Could you talk about the evolution of your partnership with Tim Burton over the course of these films that you two made together (Dark Shadows and Miss Peregrine’s Home for Peculiar Children) and how, if at all, it might be different than the collaborations that you’ve had with other filmmakers?
This is the first time that I’m working three times for the same guy. But first of all, it’s such an honor and I’m pinching myself every day going, oh my God! But even from day one on Dark Shadows, he was always very collaborative and very open to ideas. He hardly knew me, and he was just very kind and it was such an honor to be in part of his world. He’s such a poet and he’s got this kind of bonkers, unique vision. And the fact that he gave me those various different roles as well, I’m spoiled.

Your character is one that obviously is not in the original animated film. But was there anything from the film that you took in terms of finding the tone or a certain element of performance in this role?
Oh, gosh. I mean, what really struck me as a child was the relationship between the mother and the baby elephant- that’s what marked me. And then when I read the script, it is a different take on it. It remains very moving, but it’s a Tim Burton movie, and I had to really rely on the actual script. They’re two different pieces.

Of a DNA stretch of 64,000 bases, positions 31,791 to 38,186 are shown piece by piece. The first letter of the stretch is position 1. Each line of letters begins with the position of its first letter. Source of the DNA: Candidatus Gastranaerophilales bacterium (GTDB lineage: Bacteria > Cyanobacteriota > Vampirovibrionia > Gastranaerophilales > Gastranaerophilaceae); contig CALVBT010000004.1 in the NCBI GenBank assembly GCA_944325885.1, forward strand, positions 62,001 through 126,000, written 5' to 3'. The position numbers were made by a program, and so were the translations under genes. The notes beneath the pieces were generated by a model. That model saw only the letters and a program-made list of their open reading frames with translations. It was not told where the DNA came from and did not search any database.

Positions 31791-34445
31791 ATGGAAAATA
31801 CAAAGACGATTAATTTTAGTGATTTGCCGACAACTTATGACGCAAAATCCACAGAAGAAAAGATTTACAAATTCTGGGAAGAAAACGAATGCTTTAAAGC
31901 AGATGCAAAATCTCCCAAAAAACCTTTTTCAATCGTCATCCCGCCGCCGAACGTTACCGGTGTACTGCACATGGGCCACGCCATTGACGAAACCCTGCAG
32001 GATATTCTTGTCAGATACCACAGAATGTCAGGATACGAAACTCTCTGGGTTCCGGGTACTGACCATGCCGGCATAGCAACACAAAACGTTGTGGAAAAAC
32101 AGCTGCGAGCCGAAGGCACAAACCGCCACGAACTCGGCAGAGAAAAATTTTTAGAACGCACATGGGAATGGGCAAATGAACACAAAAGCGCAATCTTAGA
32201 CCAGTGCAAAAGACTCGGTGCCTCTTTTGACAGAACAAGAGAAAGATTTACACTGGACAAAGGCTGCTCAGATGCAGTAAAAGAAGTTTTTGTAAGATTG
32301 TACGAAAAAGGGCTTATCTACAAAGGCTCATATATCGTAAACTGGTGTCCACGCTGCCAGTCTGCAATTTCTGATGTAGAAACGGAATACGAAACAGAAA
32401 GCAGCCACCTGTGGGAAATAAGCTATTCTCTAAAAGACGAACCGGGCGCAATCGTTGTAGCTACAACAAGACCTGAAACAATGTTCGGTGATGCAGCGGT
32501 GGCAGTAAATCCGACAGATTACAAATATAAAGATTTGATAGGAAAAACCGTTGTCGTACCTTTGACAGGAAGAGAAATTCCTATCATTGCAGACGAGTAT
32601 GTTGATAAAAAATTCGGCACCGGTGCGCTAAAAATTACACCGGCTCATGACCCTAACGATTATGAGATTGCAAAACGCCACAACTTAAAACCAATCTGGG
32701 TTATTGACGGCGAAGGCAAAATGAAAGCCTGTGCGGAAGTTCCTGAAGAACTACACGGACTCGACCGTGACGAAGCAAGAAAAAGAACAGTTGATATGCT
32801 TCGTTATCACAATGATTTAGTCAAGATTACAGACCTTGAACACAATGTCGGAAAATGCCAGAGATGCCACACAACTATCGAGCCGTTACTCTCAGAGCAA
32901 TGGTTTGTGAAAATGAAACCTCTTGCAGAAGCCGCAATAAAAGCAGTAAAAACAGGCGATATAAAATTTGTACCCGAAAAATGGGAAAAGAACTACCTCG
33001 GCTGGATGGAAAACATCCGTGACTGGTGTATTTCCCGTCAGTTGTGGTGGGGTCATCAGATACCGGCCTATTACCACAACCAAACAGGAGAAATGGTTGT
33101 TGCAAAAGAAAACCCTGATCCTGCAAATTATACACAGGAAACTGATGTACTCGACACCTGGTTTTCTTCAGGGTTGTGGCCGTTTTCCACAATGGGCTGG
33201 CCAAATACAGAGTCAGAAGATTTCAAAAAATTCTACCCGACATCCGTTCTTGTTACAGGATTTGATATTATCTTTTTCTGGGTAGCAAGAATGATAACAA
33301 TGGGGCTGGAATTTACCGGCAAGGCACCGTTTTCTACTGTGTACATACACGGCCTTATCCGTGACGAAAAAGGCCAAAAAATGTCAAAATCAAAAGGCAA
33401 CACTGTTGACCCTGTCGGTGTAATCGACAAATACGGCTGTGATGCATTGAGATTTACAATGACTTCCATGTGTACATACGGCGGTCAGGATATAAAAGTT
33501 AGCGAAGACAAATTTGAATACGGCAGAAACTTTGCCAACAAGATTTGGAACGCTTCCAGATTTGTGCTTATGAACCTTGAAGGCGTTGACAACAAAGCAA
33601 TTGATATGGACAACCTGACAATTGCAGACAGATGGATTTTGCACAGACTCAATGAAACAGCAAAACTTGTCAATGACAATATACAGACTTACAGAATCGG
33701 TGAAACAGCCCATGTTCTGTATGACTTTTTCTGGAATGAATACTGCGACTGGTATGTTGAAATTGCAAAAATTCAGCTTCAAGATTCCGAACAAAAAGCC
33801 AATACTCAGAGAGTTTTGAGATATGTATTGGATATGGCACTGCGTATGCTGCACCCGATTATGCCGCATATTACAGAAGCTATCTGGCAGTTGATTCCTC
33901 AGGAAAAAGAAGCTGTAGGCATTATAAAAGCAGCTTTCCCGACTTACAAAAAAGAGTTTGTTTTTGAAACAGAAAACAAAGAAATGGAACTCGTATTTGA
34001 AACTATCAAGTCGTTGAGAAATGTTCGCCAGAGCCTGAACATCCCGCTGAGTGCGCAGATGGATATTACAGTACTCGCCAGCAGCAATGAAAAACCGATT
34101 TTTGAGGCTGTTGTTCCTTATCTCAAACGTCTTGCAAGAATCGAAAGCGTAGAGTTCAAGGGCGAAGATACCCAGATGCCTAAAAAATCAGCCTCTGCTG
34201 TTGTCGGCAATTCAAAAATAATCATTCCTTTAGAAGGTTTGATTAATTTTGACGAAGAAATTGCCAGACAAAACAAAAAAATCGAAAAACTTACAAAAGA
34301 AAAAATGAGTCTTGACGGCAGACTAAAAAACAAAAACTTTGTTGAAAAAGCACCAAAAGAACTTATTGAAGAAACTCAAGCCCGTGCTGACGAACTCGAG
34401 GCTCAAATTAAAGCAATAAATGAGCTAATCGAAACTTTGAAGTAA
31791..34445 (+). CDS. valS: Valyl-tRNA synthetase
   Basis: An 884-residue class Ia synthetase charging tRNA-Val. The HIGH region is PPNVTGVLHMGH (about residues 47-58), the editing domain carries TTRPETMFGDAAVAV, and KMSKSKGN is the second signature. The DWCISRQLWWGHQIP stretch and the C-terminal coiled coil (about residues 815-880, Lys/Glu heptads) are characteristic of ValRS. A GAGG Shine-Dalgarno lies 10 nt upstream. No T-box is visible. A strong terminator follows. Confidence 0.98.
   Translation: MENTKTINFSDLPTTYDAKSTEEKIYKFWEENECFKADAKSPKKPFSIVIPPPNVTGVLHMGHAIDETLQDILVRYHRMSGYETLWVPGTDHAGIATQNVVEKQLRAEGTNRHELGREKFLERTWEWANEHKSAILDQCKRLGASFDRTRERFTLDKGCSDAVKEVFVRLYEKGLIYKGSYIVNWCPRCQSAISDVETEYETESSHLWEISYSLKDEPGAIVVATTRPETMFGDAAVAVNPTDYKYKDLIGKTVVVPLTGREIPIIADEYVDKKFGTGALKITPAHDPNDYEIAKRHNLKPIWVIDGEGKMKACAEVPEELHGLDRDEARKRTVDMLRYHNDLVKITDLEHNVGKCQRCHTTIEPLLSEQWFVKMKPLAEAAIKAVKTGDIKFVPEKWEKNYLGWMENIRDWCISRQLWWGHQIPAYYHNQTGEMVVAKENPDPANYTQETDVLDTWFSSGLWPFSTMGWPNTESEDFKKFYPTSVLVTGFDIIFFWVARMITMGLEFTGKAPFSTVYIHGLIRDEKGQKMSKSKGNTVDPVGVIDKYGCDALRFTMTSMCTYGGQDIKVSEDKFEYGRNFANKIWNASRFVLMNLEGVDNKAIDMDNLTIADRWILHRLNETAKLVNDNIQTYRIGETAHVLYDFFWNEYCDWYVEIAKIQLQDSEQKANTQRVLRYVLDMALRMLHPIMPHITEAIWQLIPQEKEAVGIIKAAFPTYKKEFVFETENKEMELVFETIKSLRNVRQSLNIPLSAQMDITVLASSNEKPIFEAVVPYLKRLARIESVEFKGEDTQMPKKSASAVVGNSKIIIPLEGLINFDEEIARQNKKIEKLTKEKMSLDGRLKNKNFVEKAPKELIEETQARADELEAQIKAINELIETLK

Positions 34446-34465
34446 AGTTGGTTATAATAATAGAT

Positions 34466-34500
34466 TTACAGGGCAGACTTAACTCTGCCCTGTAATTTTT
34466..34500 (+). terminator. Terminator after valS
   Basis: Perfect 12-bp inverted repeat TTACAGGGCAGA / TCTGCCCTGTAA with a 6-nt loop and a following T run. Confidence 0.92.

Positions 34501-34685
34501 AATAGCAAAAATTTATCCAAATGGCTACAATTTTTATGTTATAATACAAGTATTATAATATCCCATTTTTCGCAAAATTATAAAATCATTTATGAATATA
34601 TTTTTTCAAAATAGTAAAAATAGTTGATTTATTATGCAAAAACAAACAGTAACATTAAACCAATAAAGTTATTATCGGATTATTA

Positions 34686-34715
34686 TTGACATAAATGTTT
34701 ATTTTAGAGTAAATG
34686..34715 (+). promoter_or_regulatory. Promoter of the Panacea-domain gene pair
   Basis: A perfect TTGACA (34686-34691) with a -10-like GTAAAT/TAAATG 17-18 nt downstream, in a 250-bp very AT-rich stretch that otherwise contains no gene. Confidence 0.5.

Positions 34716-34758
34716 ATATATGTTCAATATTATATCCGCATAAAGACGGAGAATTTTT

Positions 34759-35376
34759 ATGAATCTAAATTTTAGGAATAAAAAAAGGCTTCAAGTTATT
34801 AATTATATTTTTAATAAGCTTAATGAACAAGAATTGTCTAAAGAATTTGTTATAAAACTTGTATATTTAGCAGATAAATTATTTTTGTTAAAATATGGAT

The first thing I wrote down in my notes about your character was the phrase “utterly fantastic hair.”
(Laughs) I’ll tell my hairdresser.

How much do costumes and makeup tell you things about the character, even that you may not have prepared for or that might’ve been in the script?
The look in a Tim Burton movie is so, so important. And it took a while to find her style because she has kind of this public persona with this big red hair, and lots of makeup, which is kind of a mask — the mask of the Queen of the Heavens. And then this black bob — Tim doesn’t like repetition. He wants a look that nobody has seen before. So we had the most amazing make-up people and hairdressers, and of course, Colleen Atwood is behind all of this and has a very clear idea of what she wants.

I am not aware of any actual elephants that can fly, so what were the things that you did physically to prepare for the role?